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Title: Human lung mast cells mediate pneumococcal cell death in response to activation by pneumolysin.
Authors: Cruse, G
Fernandes, VE
de Salort J
Pankhania, D
Marinas, MS
Brewin, H
Andrew, PW
Bradding, P
Kadioglu, A
First Published: 15-Jun-2010
Citation: J IMMUNOL, 2010, 184 (12), pp. 7108-7115
Abstract: Mast cells are emerging as contributors to innate immunity. Mouse mast cells have a pivotal role in protection against bacterial infection, and human cord blood-derived mast cells reduce bacterial viability in culture. The objectives of this study were to determine whether human lung mast cells (HLMCs) might be protective against pneumococcal lung infection through direct antimicrobial activity. Tissue-derived HLMCs and the human mast cell lines HMC-1 and LAD2 were cocultured with wild-type and mutant pneumococci, and viability and functional assays were performed. Mast cells were also stimulated with purified pneumolysin. HLMCs killed wild-type serotype-2 (D39) pneumococci in coculture but had no effect on an isogenic pneumolysin-deficient (PLN-A) pneumococcus. D39 wild-type, but not PLN-A pneumococci, induced the release of leukotriene C4 from human mast cells in a dose-dependent manner, which was not accompanied by histamine release. Stimulation of mast cells with sublytic concentrations of purified pneumolysin replicated this effect. Furthermore, pneumolysin induced the release of the cathelicidin LL-37 from HLMCs, purified LL-37 reduced pneumococcal viability, and neutralizing Ab to LL-37 attenuated mast cell-dependent pneumococcal killing. In addition, at high concentrations, all pneumococcal strains tested reduced HLMC viability through a combination of pneumolysin and H2O2-dependent mechanisms. HLMCs exhibit direct antimicrobial activity to pneumococci through their activation by pneumolysin. This antimicrobial activity is mediated, in part, by the release of LL-37 from HLMCs. This suggests that mast cells provide an early warning system and potentially limit pneumococcal dissemination early in the course of invasive pulmonary pneumococcal disease.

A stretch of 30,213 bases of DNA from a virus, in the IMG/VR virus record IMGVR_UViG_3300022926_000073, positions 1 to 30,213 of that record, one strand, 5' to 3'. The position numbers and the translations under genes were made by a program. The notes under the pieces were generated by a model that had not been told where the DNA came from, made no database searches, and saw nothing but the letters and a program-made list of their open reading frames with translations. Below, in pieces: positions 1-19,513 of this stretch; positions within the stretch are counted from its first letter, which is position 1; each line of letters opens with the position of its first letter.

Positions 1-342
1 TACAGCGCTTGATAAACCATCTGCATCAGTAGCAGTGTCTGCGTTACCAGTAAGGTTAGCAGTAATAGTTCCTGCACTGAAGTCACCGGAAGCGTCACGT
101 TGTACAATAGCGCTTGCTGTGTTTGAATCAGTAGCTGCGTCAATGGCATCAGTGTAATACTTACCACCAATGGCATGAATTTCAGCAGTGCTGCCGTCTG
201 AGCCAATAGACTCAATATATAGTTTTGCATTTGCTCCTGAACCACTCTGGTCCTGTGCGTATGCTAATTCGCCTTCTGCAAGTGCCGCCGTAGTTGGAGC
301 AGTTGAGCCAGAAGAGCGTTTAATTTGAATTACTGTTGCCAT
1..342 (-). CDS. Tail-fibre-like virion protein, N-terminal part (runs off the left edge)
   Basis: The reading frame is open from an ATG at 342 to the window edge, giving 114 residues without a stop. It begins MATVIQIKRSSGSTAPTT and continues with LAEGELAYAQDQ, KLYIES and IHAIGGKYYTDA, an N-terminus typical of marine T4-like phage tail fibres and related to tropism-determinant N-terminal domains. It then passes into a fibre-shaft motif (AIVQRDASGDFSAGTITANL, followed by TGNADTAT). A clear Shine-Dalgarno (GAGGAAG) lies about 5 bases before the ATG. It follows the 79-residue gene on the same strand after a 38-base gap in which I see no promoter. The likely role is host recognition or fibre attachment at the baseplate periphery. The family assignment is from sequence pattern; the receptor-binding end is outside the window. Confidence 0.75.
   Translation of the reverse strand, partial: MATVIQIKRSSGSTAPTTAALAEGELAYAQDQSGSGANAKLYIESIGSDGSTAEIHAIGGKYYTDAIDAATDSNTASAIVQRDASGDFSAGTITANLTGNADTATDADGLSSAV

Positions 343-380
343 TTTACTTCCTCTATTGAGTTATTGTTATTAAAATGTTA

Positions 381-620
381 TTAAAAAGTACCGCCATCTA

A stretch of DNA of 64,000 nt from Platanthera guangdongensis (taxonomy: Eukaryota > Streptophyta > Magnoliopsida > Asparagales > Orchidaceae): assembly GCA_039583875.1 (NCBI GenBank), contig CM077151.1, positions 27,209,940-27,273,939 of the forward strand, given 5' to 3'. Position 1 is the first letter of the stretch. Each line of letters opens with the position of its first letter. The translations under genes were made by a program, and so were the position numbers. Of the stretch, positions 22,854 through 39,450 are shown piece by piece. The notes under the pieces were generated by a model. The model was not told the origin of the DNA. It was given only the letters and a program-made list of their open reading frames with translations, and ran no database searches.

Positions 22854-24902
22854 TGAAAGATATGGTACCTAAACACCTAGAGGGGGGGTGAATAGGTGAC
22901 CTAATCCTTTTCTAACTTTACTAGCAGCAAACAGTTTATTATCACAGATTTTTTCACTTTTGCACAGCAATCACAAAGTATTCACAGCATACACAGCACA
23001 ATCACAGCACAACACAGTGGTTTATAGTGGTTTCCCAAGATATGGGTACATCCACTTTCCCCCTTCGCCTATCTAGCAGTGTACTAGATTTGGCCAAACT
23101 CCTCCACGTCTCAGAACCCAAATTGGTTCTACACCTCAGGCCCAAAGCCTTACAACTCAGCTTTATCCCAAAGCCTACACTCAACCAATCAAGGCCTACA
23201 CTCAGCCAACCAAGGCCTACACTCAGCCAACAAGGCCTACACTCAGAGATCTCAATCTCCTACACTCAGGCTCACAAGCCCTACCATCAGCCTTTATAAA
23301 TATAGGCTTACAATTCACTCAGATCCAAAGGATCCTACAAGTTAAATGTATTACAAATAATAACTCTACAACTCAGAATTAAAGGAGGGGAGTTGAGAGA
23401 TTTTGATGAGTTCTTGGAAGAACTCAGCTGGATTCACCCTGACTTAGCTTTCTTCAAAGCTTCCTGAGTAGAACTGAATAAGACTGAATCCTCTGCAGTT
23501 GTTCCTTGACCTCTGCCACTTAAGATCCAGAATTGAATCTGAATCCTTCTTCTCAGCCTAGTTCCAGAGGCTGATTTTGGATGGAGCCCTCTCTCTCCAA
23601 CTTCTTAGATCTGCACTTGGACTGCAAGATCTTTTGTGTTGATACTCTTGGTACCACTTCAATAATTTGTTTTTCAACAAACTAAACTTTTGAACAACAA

DOI Link: 10.4049/jimmunol.0900802
eISSN: 1550-6606
Type: Journal Article
Appears in Collections:Published Articles, Dept. of Infection, Immunity and Inflammation

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